Saving Private Ryan
How did ”Shakespeare in Love,” the first comedy Best Picture since 1977’s ”Annie Hall,” show up the shoo-in, Steven Spielberg’s war epic, ”Saving Private Ryan?” One theory blames video: ”Ryan” was made for the big screen, where its imagery and thunderous sound effects envelop you, yet many Academy voters watched ”Ryan” on tape. But entertain one more theory. Maybe ”Ryan ”lost because members saw something suspiciously similar in 1987: Spielberg’s first serious look at WWII, Empire of the Sun. No one would argue it’s the same movie in a different costume, but in their similarities, the two reveal that ”Ryan,” while powerful storytelling and among Spielberg’s best films, is painted with a familiar brush:
* The sea frames the action. ”Ryan”’s brutal opening sequence, by itself worthy of Spielberg’s Best Director win, is bracketed by shots of soldiers being ferried to their doom and, later, of their corpses licked listlessly by the waves. Spielberg gave the motif an unsuccessful trial run in ”Empire,” which opens with a shot of a corpse in a floating coffin and closes with the last of Jim’s worldly possessions bobbing in Shanghai Harbor.
* Dementia is a device. He didn’t win an Oscar either, but Tom Hanks’ unhinging Captain Miller is ”Ryan”’s shattered soul. Under duress, he tunes out the war (ambient sound cuts out) and retreats into private reverie. ”Empire”’s Jim has similar trances.
* Warfare’s bad, but it’s good. Barry Pepper’s Private Jackson, fingering his cross and picking off Germans from a church steeple in ”Ryan,” makes sharpshooting spiritual. But ”Empire” did it first: Jim’s passion for warplanes leads him to the top of a building, where he’s nearly annihilated as he worships the falling bombs. In his delirium, Jim proclaims the P-51 ”Cadillac of the sky”; Hanks’ Miller calls the fighters ”angels on our shoulders.”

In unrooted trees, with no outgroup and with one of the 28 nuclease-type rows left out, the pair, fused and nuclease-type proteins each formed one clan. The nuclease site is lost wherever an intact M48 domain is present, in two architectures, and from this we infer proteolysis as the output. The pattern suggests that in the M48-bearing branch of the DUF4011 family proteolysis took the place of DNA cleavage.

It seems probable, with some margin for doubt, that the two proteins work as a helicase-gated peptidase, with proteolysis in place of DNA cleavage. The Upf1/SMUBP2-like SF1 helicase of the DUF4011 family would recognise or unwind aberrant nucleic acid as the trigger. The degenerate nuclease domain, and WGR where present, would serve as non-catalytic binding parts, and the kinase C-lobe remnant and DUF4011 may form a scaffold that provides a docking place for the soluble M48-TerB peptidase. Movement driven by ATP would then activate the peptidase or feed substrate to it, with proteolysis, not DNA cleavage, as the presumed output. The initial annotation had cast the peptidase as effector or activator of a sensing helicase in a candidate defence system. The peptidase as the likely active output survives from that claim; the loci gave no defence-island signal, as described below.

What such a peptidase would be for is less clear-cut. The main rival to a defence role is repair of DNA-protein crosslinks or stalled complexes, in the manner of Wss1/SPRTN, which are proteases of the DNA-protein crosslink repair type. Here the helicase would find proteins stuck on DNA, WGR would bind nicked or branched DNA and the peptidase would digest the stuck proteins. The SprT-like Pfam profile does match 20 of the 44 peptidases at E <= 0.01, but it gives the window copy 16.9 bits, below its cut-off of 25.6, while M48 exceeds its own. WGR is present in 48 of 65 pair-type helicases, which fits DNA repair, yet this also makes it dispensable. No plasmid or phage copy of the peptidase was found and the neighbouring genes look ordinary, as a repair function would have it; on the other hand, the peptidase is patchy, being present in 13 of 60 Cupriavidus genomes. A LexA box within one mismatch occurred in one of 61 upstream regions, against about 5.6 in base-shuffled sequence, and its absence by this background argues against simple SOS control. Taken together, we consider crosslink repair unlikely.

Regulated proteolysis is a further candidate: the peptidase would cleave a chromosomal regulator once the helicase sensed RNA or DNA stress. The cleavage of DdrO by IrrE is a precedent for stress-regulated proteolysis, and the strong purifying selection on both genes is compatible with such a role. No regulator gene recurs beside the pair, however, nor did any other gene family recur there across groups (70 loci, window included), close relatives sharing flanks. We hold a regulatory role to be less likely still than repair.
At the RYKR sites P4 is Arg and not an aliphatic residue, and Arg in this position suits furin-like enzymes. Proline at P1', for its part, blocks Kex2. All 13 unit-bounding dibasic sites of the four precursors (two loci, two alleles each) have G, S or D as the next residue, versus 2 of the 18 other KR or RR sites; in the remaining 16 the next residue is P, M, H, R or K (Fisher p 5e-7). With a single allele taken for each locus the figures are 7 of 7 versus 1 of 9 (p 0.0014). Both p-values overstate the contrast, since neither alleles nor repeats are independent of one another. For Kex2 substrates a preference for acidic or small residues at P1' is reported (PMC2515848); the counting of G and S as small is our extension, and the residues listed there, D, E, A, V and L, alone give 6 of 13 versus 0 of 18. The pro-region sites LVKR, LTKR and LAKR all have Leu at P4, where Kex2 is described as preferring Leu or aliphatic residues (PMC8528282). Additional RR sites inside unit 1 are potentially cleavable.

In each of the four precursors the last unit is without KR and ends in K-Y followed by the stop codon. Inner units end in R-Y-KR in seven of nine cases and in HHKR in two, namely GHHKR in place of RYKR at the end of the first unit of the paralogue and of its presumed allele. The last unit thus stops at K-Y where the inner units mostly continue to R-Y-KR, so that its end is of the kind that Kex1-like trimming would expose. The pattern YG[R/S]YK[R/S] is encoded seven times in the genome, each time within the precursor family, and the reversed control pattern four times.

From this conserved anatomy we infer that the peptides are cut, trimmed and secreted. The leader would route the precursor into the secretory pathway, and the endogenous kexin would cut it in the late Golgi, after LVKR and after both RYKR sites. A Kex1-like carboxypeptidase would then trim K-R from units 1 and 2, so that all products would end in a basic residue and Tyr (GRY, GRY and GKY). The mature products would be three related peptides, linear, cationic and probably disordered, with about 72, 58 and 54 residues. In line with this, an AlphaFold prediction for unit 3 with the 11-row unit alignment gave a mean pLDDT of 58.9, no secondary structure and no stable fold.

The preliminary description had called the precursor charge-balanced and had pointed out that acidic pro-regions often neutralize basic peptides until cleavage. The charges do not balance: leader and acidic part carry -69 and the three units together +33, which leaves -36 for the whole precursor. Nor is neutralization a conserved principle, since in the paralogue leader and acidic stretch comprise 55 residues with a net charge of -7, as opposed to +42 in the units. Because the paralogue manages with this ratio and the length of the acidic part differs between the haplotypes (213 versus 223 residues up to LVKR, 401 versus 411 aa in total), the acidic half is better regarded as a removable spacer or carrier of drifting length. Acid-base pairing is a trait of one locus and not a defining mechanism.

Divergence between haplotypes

Still, a director is more than his motifs. When we praise ”Ryan ”for its realism and humanity, we should be praising Spielberg for bringing them to his own movies. What makes it superior to ”Empire,” and to many of his other films, is that Spielberg’s thriller instincts — which kept the shark in ”Jaws” hidden underwater and prizes goggle-eyed shots of awe-struck characters — are being used not for horror but empathy. Whereas 12 years ago Spielberg dispassionately gave us Jim’s despair as part of a good yarn, ”Ryan”’s torment is seen through Miller’s eyes. And the director does it without sacrificing his usual control over the narration.
Spielberg may always have a soft spot for good old American melodrama. Let him have it — first and foremost, he’s an entertainer. But in late middle age, the master of the blockbuster is finally mastering the human heart. And that really ”is ”something to talk about.